We report a case of septic shock treated with PMX-DHP that was complicated with Lemierre syndrome caused by Fusobacterium necrophorum. The patient was a 31-year-old man who was initially diagnosed with influenza. He received treatment; however, because his symptoms gradually worsened, he was transported to our hospital 10 days following his diagnosis. His initial examination revealed symptoms of respiratory distress and an altered level of consciousness. Based on laboratory and imaging results, it became clear that he suffered from septic shock of unknown etiology, disseminated intravascular coagulation, and acute renal and respiratory failure. We initiated treatment with vasopressors, an antibacterial agent, immunoglobulins as well as an appropriate ventilator management; however, his unstable circulatory condition continued. As soon as PMX-DHP was initiated, 2 days following admission to the ICU, his circulatory instability normalized. F. necrophorum was ultimately detected after a culture examination, and contrast-enhanced computed tomography revealed a jugular vein thrombus, which led to the diagnosis of Lemierre syndrome. The patient’s condition gradually improved, and he was discharged from the ICU after 19 days.

1. Introduction

Fusobacterium spp. is an anaerobic gram-negative bacillus present in the oral cavity and gastrointestinal tract [1, 2]. However, this organism rarely causes Lemierre syndrome with thrombophlebitis of the internal jugular vein in healthy young individuals [3]. Although the incidence rate has recently been reported to be 0.6–2.3 cases per million [4], the mortality rate is as high as 4–22% [5]. In this study, we report a case of polymyxin B-immobilized fiber column direct hemoperfusion for the treatment of septic shock complicated with Lemierre syndrome caused by F. necrophorum.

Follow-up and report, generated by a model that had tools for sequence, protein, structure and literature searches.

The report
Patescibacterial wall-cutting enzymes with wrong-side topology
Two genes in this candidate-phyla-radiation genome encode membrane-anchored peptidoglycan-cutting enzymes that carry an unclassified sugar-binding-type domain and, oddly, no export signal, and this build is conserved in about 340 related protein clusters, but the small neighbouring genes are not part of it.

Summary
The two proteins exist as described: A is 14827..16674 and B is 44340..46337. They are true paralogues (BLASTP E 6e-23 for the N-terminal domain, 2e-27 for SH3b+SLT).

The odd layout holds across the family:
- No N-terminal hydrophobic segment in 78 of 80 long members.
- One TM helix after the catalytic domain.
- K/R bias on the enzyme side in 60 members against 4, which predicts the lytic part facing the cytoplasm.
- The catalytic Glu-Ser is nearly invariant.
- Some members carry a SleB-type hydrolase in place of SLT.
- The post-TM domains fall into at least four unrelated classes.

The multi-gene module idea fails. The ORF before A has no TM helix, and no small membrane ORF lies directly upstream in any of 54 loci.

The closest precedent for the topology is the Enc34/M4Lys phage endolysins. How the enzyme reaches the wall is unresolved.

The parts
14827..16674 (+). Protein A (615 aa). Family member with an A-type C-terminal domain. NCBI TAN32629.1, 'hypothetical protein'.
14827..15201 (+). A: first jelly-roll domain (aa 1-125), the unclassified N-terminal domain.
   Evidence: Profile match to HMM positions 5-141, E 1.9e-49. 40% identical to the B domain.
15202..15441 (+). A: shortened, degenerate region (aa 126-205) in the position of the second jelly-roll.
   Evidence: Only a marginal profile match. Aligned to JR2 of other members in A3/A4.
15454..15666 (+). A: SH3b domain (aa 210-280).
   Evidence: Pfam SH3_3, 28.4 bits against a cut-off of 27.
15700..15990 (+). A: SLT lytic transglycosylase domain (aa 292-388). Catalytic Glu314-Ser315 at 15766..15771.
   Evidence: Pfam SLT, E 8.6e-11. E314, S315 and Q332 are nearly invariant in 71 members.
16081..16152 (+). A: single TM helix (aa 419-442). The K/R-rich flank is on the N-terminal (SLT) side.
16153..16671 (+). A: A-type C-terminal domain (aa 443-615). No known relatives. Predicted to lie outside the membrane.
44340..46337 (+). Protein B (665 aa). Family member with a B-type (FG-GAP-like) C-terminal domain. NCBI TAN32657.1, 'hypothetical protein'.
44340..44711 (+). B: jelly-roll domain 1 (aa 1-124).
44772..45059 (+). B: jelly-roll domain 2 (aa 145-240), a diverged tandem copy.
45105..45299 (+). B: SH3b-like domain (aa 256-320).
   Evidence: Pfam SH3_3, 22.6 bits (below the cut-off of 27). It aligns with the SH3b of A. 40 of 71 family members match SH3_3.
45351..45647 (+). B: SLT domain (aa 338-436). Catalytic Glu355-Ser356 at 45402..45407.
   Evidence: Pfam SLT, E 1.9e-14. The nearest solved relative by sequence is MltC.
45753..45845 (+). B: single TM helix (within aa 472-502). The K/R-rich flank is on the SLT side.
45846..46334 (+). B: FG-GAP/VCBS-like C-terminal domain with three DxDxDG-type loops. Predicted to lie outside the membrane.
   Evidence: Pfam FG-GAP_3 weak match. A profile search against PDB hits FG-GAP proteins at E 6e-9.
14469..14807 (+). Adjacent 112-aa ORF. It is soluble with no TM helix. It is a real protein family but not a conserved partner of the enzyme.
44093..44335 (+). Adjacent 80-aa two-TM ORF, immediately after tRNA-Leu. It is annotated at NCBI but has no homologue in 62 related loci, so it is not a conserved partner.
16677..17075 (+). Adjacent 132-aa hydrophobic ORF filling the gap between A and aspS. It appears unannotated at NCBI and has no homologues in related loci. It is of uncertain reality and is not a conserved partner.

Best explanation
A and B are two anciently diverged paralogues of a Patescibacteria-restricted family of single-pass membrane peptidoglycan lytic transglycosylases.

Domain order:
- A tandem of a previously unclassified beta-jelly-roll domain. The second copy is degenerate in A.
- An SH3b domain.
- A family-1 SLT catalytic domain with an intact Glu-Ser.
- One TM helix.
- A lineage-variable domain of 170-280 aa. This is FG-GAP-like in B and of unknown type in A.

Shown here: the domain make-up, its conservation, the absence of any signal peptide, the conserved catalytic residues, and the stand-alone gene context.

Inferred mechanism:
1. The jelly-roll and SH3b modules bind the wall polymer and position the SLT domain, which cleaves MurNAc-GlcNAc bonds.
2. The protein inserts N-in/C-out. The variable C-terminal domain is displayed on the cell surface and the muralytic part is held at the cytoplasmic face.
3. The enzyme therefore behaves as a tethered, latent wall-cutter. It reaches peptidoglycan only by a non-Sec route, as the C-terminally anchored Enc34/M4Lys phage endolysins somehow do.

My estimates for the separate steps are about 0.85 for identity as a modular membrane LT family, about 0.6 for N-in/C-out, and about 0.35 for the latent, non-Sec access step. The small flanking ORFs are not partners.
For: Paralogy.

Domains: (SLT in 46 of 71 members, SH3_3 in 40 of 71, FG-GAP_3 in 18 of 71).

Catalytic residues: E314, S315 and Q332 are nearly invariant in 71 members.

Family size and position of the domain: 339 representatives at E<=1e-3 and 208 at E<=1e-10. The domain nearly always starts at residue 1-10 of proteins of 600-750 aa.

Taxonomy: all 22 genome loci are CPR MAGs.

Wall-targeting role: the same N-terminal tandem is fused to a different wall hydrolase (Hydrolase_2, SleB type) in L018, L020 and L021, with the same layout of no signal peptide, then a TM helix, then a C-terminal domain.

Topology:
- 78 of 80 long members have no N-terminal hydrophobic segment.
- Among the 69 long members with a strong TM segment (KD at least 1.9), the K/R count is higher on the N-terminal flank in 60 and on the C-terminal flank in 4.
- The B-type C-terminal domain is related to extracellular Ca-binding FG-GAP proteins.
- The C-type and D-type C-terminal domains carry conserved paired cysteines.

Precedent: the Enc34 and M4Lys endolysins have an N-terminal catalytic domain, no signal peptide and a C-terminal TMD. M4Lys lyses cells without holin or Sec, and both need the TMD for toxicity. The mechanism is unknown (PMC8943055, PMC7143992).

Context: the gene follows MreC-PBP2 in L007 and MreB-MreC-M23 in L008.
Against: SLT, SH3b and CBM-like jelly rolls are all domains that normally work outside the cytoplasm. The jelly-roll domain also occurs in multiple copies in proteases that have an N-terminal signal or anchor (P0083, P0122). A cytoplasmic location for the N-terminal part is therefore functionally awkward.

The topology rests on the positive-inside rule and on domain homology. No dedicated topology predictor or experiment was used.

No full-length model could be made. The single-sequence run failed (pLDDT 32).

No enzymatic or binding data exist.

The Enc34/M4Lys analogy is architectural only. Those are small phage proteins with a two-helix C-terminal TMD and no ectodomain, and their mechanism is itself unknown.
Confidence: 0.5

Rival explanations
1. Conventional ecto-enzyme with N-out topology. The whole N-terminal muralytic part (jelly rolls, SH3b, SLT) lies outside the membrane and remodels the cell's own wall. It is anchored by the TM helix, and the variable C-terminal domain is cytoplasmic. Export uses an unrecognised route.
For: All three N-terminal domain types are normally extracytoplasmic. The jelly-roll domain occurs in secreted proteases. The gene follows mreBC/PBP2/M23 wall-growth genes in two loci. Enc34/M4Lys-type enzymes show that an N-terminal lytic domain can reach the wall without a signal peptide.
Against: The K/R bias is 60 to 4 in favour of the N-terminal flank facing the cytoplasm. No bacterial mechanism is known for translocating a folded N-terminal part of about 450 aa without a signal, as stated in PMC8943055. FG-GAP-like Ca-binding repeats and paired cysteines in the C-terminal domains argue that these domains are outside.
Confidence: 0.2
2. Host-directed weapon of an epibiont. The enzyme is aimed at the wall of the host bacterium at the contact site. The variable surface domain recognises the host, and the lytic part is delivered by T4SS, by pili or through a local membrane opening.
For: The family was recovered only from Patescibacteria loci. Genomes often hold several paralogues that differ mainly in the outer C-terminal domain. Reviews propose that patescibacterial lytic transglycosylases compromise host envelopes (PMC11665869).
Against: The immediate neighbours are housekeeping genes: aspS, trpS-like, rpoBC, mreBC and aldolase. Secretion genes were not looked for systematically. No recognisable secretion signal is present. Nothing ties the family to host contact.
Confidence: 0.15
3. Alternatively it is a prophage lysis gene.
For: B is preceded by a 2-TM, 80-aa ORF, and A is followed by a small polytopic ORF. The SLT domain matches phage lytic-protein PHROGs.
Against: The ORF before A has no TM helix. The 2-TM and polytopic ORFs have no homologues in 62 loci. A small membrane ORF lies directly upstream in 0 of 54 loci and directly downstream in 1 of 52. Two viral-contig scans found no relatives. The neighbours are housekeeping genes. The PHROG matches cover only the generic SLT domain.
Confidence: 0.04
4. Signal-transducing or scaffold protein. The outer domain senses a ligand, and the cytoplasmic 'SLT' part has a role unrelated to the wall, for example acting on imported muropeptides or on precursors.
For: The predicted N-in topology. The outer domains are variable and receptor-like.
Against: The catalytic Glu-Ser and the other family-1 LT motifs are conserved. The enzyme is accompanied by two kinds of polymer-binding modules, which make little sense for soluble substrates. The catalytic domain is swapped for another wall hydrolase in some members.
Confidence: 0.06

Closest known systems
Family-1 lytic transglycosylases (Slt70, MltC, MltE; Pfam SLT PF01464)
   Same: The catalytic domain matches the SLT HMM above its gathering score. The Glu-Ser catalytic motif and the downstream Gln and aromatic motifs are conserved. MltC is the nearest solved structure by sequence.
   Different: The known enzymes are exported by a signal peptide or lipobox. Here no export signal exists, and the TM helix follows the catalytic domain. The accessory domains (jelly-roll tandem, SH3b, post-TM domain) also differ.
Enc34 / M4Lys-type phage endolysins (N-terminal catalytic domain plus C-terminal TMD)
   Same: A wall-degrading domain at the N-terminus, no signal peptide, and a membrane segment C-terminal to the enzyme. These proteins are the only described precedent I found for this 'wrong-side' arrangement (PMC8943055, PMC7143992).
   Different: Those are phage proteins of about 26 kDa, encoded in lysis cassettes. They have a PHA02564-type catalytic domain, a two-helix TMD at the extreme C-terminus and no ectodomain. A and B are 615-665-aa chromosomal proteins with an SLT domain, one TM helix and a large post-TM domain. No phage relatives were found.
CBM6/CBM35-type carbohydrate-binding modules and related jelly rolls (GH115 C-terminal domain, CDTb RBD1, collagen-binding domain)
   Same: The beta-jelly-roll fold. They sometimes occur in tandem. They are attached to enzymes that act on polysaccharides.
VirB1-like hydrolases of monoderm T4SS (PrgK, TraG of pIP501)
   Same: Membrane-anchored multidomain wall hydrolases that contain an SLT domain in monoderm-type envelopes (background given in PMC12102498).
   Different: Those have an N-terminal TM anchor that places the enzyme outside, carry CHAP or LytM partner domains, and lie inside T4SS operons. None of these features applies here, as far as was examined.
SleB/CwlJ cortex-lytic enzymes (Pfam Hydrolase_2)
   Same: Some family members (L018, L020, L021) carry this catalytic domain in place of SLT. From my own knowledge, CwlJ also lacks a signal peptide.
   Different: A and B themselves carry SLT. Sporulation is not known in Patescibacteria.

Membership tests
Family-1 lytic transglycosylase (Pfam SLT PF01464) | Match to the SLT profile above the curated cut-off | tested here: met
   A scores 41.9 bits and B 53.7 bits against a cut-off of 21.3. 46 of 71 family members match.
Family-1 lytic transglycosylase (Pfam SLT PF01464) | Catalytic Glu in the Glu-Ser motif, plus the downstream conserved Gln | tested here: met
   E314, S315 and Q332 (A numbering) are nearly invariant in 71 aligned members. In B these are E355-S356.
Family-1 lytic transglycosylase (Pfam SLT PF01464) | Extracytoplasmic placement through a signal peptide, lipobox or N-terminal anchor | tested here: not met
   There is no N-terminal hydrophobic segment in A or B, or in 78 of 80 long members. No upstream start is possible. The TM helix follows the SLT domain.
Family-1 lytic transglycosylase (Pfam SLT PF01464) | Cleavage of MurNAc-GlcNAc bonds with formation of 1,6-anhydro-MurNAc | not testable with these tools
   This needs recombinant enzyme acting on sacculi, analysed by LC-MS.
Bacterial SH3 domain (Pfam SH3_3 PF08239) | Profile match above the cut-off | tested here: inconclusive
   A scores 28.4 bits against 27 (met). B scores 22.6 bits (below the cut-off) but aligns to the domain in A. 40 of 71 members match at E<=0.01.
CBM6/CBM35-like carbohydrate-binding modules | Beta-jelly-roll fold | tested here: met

2. Case Presentation

A 31-year-old man, with no significant medical history, presented with a chief complaint of fever and altered level of consciousness. On April XX, 2018, cold symptoms first appeared. He was diagnosed with influenza by the family physician, and was treated with oseltamivir. However, the symptoms progressed, and it became difficult for him to move after 10 days; therefore, he was admitted to our hospital. His initial examination revealed symptoms of respiratory distress and altered consciousness. Based on blood tests and imaging, he was diagnosed with septic shock of unknown origin. Furthermore, disseminated intravascular coagulation and acute renal and respiratory failure complicated his course, and he was admitted to the ICU.

Upon admission to the ICU, the patient was 183 cm tall and weighed 65.1 kg. He had a Glasgow Coma Scale score of E4V4M6, pulse rate of 130 bpm, blood pressure of 60/45 mmHg, respiratory rate of 30/min, SpO2 of 93% on 10 L O2, and fever of 39.6°C. There was no apparent swelling or redness in the neck. Physical examination revealed that heart sounds were normal and moist rales were detected in the lungs, but there were no anomalies in the abdomen, limbs, or skin.

Multiple nodular shadows and infiltrates were observed in both lung fields on chest X-ray. Chest computed tomography (CT) revealed cavitary lesions in both lung fields, and the nodules primarily occurred under the pleura (Figure 1(a) and 1(b)). A bilateral pleural effusion was noted. The ejection fraction was 63% on transthoracic cardiac ultrasound examination. Wall motion was normal and no obvious vegetations were observed. There were no irregular findings on head and abdominal CT.

Laboratory findings upon admission are given in Table 1 and include the following: WBC: 17880/µL; BUN: 85.1 mg/dL; Cre: 2.76 mg/dL; Platelet count: 24000/µL; CRP: 25.75 mg/dL; P-SEP: 3551.0 pg/mL; PCT: 77.21 ng/mL; Endotoxin: 29.1 pg/mL; PT-INR: 1.52; DD: 1.9 µg/mL, AT3: 58%; HbA1C: 5.8%; Glu: 121 mg/dL; arterial blood gas (10 L oxygenated reservoir) pH: 7.509; pO2: 73.9 mmHg; pCO2: 26.9 mmHg; : 20.5 mol/L; BE: −0.2 mmol/L; Lactate: 3.4 mmol/L; Influenza test: A(−), B(−), and HIV: (−); Sequential organ failure assessment score: 15; Acute physiology and chronic health evaluation II (APACHE II) score: 32; and Acute DIC score: 5.